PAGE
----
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If you’re as much of a plant nerd as we are, prepare to get absorbed. John E. Weaver, an American botanist, prairie ecologist and Professor at the University of Nebraska, completed a massive project in the year of 1927. With the help of his team of assistants, Weaver meticulously illustrated the root development of 34 popular vegetable crops (see the illustration of mature onion roots, right). In the massive undertaking that was partly botanical and partly archeological, Weaver and his team dug trenches approximately 5 feet deep to study the plant’s root systems from the side. The five-foot-deep trench created a big enough expanse onto which the scientists could slowly chisel with hand picks and ice picks to uncover and carefully examine the vegetable’s complicated root systems.
This painstaking work required much patience and expertise. The plants were studied and illustrated at multiple stages of growth in order to best represent general, long-term root habits. Every plant studied was grown in sets of at least three. This was done so that an excavation performed at two weeks of growth would not affect the results of an excavation performed after six weeks or two months. Every set of fragile roots was left undisturbed until it was time to dig.
Drawings of the root systems were made in the field on a large drawing sheet with pencil, and then later retraced with ink. Although the drawings were made on a large scale, the rootlets were often so abundant that it was still impossible to show every detail. In every case, the drawings were made to illustrate the average condition of the roots, rather than the extreme. Accompanying the illustrations are fastidious field notes regarding plant spacing, soil health, crop growth and more.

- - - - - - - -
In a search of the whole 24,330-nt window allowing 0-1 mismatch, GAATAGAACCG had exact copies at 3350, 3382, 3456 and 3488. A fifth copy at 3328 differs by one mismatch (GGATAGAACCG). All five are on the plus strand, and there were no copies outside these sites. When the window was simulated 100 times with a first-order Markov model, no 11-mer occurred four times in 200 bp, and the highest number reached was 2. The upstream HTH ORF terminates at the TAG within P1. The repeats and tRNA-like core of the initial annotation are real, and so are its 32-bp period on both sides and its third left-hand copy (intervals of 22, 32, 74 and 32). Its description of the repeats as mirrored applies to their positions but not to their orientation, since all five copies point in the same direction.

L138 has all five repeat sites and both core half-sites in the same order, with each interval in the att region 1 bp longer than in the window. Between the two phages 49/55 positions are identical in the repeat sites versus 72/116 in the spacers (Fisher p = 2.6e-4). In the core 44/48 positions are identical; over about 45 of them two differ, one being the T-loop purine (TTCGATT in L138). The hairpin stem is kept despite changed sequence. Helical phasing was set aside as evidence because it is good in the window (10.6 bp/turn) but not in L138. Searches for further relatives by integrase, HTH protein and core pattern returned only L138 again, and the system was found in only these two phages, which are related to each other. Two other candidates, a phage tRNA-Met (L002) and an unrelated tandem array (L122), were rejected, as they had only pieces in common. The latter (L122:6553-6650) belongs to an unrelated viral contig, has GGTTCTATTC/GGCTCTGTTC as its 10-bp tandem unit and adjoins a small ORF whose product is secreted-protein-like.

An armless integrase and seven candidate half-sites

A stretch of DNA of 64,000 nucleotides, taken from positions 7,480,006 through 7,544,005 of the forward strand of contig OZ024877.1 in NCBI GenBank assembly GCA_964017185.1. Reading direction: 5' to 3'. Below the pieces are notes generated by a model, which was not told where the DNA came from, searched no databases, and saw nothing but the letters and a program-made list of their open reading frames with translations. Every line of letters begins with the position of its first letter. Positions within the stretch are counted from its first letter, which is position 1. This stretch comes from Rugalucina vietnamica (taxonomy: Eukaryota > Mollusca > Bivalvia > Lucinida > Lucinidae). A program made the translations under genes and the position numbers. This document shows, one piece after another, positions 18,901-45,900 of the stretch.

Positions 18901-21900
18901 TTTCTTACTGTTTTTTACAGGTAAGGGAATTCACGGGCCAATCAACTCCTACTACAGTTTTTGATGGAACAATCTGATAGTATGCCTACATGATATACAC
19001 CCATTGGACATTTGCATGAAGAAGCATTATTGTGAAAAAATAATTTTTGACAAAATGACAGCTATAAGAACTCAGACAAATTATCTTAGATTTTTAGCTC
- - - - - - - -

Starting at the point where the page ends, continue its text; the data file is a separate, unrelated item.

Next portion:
Weaver’s findings were published in Root Development of Vegetable Crops (1927), the sister publication to Root Development of Field Crops (1926). In 1929 Weaver partnered with ecological pioneer Henry Chandler Cowles to publish the first American ecology textbook.
The following illustrations are all documented on 1-by-1-foot grid lines.
Asparagus roots, 6 years
Bean roots, 1 month
Bean roots, 2 month
Bean roots, surface view, 6 inches
Beet roots, 6 weeks
Beet roots, 10 weeks
Beet roots, 3.5 months
Cabbage roots, 55 days after transplanting
Cabbage roots, 75 days after transplanting
Carrot roots, 47 days
Carrot roots, 77 days
Carrot roots, mature
Cauliflower roots, 3 weeks after transplanting
Cauliflower roots, 8 weeks after transplanting
Cucumber roots, 4 weeks
Cucumber roots, 6 weeks
Cucumber roots, surface view
Eggplant roots, 7 weeks
Lettuce roots, 3 week soil comparison. The roots on the right were grown in compact soil, the roots on the left were grown in loose soil. Avoid planting seedlings in compact soil by following the tips in this article, Care and Cultivation of Permanent Garden Beds.
Lettuce roots, 2 months
Onion seedlings of the same age. The one on the right was grown in compact soil, the one on the left in loose soil. Avoid planting seedlings in compact soil by following the tips in this article, Care and Cultivation of Permanent Garden Beds.
Onion roots, 8 weeks.
Onion roots, 3.5 months
Onion roots, mature
Pea roots, 6 weeks
Pea roots, mature
Pepper roots, 24 days after transplanting
Pepper roots, 6 weeks
Pepper roots, nearly mature
Radish roots, 5 weeks
Radish roots, 2 months
Spinach roots, 6 weeks
Spinach roots, 10 weeks
Sweet corn roots, 16 days
Sweet corn roots, 8 weeks
Mature sweet corn roots, view from above
Sweet potato roots, 23 days after transplanting a root cutting.
Sweet potato roots, 53 days
John E. Weaver and his team of assistants dug trenches approximately 5 feet deep to study the root systems of popular vegetable varieties.
Follow this link to see the online version of Root Development of Vegetable Crops.
Illustrations by John E. Weaver